The second problem is similar to the first.  What if I am the one who is lacking the knowledge?  I am certainly not an expert in everything from theology, philosophy, biology, cosmology, etc.  What I am is well versed in many of the relevant topics.  How do I deal with this?  Socrates.  I will admit what I do not know, and then ask questions…I will be the skeptic that I am.  My lack of knowledge in one particular area does not mean that the theist is correct if they cannot prove their assertion.  Now, some of you reading this will be saying, “Hey!  Wait a minute RB, that works both ways.  You cannot then claim victory when the theist fails to have all of the answers”.  In fact, I can.  The burden of proof is on them, as they are the one making the positive claim.  The theist is saying, “I have an answer to your question and that answer is ‘God did it’.  This claim requires evidence.  In these debates, I will often say, truthfully, that I do not exactly how the universe came into being; science is still working on that.  I can point out some of the working theories that science is exploring, but am not at all making a positive claim that X is the correct answer.  I do not have a burden of proof because I am asserting nothing.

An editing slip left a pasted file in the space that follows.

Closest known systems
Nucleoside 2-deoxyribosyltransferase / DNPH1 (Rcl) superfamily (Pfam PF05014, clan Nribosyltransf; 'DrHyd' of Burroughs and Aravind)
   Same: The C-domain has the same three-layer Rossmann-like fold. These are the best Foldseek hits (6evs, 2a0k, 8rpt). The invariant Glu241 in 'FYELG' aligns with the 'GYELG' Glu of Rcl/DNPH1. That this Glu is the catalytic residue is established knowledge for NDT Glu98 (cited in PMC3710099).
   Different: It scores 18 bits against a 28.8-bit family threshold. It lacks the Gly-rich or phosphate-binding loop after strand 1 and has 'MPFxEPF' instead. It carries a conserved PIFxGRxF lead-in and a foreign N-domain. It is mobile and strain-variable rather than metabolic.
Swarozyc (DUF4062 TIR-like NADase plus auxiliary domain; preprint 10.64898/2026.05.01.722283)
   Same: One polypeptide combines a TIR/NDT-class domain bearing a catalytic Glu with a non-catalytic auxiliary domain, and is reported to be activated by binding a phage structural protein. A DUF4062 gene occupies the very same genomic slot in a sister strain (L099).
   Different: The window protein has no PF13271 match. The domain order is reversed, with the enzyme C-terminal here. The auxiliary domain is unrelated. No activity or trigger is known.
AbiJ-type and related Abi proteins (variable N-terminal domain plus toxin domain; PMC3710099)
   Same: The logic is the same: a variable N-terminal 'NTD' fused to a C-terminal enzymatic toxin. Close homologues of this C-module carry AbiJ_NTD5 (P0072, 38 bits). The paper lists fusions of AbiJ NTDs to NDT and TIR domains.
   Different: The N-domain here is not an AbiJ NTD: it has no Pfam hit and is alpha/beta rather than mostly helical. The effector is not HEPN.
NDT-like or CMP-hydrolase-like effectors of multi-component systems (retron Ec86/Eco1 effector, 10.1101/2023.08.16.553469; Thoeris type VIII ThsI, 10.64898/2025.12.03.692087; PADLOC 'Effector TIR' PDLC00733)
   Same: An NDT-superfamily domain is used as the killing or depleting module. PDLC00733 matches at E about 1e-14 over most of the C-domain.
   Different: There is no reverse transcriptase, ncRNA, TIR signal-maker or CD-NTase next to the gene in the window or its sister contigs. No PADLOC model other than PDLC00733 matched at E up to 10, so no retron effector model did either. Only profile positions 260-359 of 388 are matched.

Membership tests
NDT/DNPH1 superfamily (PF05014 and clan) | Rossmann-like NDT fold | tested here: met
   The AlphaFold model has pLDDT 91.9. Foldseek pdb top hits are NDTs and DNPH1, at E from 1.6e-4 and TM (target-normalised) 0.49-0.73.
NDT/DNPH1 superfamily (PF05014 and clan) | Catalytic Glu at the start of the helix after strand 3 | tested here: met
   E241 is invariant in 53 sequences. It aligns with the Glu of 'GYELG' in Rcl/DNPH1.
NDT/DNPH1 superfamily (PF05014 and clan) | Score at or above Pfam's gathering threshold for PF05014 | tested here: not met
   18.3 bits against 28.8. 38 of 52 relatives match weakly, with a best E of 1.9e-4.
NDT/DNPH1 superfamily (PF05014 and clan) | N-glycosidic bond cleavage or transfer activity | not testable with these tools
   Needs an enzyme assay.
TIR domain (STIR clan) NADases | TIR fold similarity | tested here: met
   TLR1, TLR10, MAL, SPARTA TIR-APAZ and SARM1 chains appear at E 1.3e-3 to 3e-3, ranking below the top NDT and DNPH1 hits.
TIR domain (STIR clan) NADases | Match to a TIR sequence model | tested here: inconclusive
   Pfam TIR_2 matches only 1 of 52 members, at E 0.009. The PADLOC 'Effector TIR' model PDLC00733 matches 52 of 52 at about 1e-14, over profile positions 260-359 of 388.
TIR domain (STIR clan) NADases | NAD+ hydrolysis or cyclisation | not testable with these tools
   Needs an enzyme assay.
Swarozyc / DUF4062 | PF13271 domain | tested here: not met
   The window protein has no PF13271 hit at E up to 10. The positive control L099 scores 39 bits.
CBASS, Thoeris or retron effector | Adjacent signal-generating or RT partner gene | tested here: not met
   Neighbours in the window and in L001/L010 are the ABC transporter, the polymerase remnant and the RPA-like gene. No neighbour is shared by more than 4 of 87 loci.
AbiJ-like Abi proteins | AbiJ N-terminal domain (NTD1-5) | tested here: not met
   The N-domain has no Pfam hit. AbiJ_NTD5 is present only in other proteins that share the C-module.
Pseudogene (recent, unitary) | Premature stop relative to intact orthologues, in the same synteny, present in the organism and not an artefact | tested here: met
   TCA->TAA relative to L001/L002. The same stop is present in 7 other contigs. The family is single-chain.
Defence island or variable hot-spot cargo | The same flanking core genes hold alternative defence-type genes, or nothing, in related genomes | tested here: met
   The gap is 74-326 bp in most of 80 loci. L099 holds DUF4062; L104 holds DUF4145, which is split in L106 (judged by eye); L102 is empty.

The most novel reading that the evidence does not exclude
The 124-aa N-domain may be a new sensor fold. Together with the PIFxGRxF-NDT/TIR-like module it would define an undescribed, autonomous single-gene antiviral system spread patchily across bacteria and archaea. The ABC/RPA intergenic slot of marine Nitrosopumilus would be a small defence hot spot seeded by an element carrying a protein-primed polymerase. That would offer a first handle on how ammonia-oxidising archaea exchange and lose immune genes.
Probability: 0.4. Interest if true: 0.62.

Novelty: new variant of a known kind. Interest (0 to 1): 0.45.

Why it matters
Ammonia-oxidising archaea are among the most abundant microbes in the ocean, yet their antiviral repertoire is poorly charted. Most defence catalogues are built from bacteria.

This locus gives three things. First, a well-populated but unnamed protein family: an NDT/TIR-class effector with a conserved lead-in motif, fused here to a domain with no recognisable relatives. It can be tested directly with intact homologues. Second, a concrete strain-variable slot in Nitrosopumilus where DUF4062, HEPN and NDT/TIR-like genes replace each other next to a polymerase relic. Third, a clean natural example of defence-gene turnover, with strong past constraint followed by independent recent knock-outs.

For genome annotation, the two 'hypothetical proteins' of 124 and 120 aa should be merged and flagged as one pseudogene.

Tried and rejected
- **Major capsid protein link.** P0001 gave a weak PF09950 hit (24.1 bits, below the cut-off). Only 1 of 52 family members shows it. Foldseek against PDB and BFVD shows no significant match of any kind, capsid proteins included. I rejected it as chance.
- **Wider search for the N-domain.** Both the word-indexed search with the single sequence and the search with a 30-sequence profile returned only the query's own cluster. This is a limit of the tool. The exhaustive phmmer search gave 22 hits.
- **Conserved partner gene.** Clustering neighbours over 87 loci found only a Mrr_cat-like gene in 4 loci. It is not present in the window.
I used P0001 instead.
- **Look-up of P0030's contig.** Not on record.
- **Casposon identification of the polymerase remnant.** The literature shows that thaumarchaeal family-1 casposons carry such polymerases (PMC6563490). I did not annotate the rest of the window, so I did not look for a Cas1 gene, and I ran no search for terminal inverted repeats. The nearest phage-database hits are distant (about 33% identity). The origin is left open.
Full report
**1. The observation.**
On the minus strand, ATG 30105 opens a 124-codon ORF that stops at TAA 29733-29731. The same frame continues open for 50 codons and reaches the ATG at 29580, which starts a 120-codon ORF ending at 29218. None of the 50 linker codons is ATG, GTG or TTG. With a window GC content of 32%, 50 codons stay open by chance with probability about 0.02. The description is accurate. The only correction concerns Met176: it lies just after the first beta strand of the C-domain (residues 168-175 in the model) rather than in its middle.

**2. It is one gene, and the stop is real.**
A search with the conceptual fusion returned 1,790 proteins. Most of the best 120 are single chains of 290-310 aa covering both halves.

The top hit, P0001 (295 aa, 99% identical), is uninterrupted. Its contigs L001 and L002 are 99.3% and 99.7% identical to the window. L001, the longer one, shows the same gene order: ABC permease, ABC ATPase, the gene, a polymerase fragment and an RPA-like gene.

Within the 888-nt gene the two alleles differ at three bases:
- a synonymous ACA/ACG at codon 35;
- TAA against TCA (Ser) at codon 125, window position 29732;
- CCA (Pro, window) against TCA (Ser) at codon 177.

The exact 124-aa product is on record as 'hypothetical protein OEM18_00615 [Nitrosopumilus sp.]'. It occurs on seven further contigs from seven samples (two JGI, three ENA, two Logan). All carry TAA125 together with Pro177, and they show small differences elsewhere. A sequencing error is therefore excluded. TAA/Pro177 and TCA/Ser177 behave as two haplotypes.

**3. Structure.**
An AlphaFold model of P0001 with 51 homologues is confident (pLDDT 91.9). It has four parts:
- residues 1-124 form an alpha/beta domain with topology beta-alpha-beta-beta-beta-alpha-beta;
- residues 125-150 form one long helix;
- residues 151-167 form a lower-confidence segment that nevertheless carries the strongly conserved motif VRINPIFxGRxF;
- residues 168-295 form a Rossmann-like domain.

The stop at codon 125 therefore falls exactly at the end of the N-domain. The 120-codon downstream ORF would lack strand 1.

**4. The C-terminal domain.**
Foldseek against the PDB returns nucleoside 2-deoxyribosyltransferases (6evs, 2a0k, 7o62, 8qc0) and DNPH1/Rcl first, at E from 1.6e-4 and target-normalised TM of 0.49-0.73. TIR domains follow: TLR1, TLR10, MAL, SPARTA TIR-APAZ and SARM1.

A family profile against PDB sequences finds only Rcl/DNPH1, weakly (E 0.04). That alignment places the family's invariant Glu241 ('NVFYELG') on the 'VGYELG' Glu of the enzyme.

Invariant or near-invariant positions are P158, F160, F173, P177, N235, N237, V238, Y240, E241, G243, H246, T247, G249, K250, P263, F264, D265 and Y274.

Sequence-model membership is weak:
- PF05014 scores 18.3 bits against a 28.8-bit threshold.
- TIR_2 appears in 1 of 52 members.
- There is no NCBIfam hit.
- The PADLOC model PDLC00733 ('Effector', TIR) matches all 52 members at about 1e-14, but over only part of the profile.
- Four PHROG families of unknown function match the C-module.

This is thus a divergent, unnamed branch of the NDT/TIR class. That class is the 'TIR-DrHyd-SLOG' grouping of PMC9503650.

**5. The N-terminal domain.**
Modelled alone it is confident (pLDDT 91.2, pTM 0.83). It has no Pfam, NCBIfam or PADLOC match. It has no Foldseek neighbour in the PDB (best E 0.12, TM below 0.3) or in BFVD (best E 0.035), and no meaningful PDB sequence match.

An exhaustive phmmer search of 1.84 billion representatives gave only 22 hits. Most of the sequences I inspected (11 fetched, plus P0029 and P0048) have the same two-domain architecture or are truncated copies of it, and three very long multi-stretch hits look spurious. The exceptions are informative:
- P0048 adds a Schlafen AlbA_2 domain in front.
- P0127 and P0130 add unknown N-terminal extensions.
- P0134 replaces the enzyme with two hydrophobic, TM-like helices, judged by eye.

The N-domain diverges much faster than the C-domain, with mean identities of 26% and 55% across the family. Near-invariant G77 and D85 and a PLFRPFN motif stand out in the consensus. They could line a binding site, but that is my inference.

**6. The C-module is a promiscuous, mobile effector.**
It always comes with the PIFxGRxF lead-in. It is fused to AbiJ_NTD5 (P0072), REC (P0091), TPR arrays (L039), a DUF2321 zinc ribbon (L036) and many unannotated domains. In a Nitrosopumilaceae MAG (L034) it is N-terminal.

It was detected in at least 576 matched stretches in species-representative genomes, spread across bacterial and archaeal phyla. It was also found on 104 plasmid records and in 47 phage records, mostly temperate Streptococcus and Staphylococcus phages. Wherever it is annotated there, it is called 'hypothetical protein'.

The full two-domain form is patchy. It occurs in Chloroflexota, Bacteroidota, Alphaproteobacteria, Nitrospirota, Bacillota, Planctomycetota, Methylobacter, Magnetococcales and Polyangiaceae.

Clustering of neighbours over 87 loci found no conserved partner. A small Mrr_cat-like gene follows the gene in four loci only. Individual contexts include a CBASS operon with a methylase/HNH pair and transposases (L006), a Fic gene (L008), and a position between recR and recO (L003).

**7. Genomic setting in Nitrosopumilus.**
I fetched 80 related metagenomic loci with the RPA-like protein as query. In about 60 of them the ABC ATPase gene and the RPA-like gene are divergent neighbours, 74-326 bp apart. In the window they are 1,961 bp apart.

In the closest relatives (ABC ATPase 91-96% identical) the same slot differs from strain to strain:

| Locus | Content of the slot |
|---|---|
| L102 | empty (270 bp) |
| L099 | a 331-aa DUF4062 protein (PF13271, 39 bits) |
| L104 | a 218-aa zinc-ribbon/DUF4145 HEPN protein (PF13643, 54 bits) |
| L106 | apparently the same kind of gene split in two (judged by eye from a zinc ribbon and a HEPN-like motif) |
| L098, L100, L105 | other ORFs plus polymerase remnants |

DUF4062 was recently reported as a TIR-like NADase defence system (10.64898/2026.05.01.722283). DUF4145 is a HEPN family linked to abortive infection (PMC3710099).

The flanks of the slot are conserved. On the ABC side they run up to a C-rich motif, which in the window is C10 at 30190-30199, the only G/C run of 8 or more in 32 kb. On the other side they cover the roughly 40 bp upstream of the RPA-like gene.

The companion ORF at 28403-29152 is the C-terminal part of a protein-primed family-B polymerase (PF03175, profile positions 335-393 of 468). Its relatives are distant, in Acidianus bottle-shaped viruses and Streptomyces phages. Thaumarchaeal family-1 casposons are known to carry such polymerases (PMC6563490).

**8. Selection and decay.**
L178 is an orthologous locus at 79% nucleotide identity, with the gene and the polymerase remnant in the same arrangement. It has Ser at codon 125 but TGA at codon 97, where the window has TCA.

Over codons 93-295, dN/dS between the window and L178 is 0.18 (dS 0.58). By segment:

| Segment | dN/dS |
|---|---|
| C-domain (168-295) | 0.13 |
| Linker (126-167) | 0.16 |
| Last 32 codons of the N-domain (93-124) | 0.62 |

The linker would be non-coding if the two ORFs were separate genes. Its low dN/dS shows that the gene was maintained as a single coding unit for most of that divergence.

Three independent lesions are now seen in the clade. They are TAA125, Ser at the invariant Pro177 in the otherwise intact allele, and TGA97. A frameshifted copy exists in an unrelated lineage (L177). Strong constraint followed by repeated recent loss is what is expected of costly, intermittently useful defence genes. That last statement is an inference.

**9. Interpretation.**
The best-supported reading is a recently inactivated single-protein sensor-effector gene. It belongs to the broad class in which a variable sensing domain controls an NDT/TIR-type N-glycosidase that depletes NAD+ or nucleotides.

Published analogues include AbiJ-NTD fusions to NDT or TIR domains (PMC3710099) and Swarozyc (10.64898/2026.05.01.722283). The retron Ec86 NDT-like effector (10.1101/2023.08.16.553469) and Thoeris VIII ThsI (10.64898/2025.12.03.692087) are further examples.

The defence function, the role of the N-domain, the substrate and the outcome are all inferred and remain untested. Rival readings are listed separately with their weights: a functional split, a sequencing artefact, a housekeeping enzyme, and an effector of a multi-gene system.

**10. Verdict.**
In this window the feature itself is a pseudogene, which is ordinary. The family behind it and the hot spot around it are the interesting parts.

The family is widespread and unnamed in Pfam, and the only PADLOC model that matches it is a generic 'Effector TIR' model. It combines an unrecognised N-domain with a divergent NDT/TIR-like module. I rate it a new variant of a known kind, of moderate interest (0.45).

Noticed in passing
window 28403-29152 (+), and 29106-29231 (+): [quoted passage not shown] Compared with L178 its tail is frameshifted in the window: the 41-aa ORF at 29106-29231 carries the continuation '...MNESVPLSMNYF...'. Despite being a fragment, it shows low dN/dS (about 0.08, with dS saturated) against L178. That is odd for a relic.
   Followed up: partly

What is incumbent upon me then?  To demonstrate the faults in the theist’s claim that “God did it”.  This I can usually do…which leads to the inevitable punt to god, and back to where we started.

That is why my goal is rarely to prove a scientific theory (the exception being evolution for which there is a ton of evidence), but rather to arrive at 3rd and long and the inevitable punt.  The punt can almost always be shown to be an irrational play in the final seconds of the game when the one punting is behind…unless of course the game is a blow-out…which is always a welcome thing to have in a debate.